The novelist talks about his first essay collection, How to Write An Autobiographical Novel; how to keep working during bouts of self-doubt; and more.
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Articles from Poet & Writers Magazine include material from the print edition plus exclusive online-only material.
The vice president and editorial director of Riverhead Books on the art of editing.
The Pulitzer Prize–winning poet talks about his new book, Air Traffic: A Memoir or Ambition and Manhood in America.
The editor of Black Renaissance Noire on the importance of publishing new and emerging writers.
Responses to AWP executive director David Fenza’s departure have been met by silence from the organization’s board.
On March 11 the board of directors of AWP ended its relationship with the organization’s long-time executive director, David Fenza. “I had no warnings,” he says.
The Pulitzer Prize winner offers his personal perspective on the idea of “home” in his foreword to Go Home!, a new anthology of fiction, memoir, and poetry by Asian diasporic writers.
Dan Beachy-Quick explores the infinite possibilities of poetry and the idea that metaphor can be a philosophy, and poetic craft a means of living a life.
Poet Dan Beachy-Quick considers rhyme, easily derided in workshop but able to make of the mind a wind-chime.
Dan Beachy-Quick imagines the poem as a peacock with tail outspread, and the phosphorescent circle on each feather an actual eye. The poem lets us see through every eye.
Described as “a lamentation aimed at providing clarity,” Bad Stories: What the Hell Just Happened to Our Country is Steve Almond's effort to make sense of our historical moment using literary voices, including Melville, Orwell, Bradbury, and Baldwin.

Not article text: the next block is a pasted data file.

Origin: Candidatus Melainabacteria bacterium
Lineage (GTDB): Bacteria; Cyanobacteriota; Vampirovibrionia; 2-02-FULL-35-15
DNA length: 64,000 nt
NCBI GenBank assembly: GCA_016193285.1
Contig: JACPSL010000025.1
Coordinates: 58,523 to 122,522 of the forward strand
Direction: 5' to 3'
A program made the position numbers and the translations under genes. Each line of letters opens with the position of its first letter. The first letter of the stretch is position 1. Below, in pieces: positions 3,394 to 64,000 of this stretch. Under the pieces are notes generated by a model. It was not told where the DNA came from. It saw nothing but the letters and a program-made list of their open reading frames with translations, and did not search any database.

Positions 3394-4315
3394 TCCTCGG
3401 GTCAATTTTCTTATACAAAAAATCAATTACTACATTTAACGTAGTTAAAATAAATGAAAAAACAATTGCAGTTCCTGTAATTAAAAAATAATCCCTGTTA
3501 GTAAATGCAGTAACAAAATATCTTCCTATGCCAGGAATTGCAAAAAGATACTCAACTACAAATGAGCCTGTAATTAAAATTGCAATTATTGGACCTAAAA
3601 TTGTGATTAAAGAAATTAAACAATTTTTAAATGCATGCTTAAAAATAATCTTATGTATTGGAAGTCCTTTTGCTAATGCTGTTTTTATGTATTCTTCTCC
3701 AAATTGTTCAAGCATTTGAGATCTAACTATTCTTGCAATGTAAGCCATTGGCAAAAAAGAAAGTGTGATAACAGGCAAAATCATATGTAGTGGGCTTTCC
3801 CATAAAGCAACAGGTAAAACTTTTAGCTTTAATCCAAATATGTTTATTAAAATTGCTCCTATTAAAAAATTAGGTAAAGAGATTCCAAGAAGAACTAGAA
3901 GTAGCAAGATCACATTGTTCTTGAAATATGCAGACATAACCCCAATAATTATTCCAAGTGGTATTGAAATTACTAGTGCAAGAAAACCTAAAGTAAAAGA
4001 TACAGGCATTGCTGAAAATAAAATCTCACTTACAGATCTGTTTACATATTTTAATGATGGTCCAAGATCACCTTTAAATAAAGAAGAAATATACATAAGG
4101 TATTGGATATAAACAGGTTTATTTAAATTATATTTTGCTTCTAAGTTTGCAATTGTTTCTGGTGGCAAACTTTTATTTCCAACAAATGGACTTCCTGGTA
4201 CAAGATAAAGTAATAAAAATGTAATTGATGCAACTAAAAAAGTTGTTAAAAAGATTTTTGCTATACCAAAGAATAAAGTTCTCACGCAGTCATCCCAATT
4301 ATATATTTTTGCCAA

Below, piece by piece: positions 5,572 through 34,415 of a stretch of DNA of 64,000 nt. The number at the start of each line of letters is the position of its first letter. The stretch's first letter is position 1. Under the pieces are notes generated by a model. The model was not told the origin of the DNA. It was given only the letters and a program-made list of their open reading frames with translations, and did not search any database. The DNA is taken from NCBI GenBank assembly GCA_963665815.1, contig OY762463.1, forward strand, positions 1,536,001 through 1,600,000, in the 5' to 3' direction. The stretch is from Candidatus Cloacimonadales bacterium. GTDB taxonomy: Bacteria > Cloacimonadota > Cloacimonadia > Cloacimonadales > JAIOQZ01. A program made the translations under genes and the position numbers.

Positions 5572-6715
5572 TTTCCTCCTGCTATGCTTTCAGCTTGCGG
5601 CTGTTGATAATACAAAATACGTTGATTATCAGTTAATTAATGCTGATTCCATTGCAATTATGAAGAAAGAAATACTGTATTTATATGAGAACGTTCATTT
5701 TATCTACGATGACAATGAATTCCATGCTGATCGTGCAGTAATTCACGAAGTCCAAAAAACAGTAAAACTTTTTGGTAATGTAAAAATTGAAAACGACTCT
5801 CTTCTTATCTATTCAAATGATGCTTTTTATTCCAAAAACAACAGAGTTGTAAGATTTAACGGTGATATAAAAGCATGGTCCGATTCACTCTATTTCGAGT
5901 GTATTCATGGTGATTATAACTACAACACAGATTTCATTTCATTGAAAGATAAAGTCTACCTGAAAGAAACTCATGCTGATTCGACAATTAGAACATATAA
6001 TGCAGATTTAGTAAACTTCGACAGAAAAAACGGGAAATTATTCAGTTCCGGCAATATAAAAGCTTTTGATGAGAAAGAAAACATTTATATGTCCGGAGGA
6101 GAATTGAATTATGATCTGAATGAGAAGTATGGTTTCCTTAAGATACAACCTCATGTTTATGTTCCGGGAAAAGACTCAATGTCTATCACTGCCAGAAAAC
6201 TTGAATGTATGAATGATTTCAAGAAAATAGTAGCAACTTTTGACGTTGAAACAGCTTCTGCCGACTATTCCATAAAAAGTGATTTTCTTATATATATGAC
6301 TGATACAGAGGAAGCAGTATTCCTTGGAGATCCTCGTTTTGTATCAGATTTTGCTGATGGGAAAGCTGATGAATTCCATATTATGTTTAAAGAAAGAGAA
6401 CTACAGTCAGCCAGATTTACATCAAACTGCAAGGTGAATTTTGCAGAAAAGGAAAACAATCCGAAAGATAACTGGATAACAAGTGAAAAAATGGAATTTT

A novelist describes her progress as she writes her fourth book, The Great Believers, across five residencies, from 2014 to 2017.
A poet and essayist recalls his personal introductions to poetry and its craft during his younger years.
Authors share their notes on writing in this series of micro craft essays. In the latest installment: Tayari Jones completes the journey of writing her novel An American Marriage.
Authors share their notes on writing in this series of micro craft essays. In the latest installment: finding the center of your story.
Authors share their notes on writing in this series of micro craft essays. In the latest installment: writing around tech in contemporary fiction.
Authors share their notes on writing in this series of micro craft essays. In the latest installment: finding the story that challenges you.
Illustrator and author Edward Carey talks to the editor in chief of Poets & Writers about art, hope, and seeing the light amid darkness.
“There are very few rules that can’t be broken,” says the author of six books of fiction and one essay collection in this wide-ranging interview.
Three Whiting Literary Magazine Prizes totaling up to $120,000 will be given annually for print and digital publications. The new awards program is intended to support both “nimble upstarts as well as established journals.”
Two fiction writers discuss scandals and second chances, finding the heart of the novel, and blurring the personal and political.
Novelist Amy Tan talks about her approach to memoir and how this shift in process changed the way she views her fiction writing.
Read excerpts of the debut books by this year’s 5 Over 50: Jimin Han, Laura Hulthen Thomas, Karen E. Osborne, Tina Carlson, and Peg Alford Pursell.
The country’s longest-running literary quarterly publishes its 500th issue with a new design, a new editor, and a new submissions platform, but the same old commitment to literary excellence.
Novelist and singer-songwriter Ben Arthur finds inspiration in Puritan settler Anne Hutchinson, a character in Kurt Anderson’s book Fantasyland: How America Went Haywire: A 500-Year History.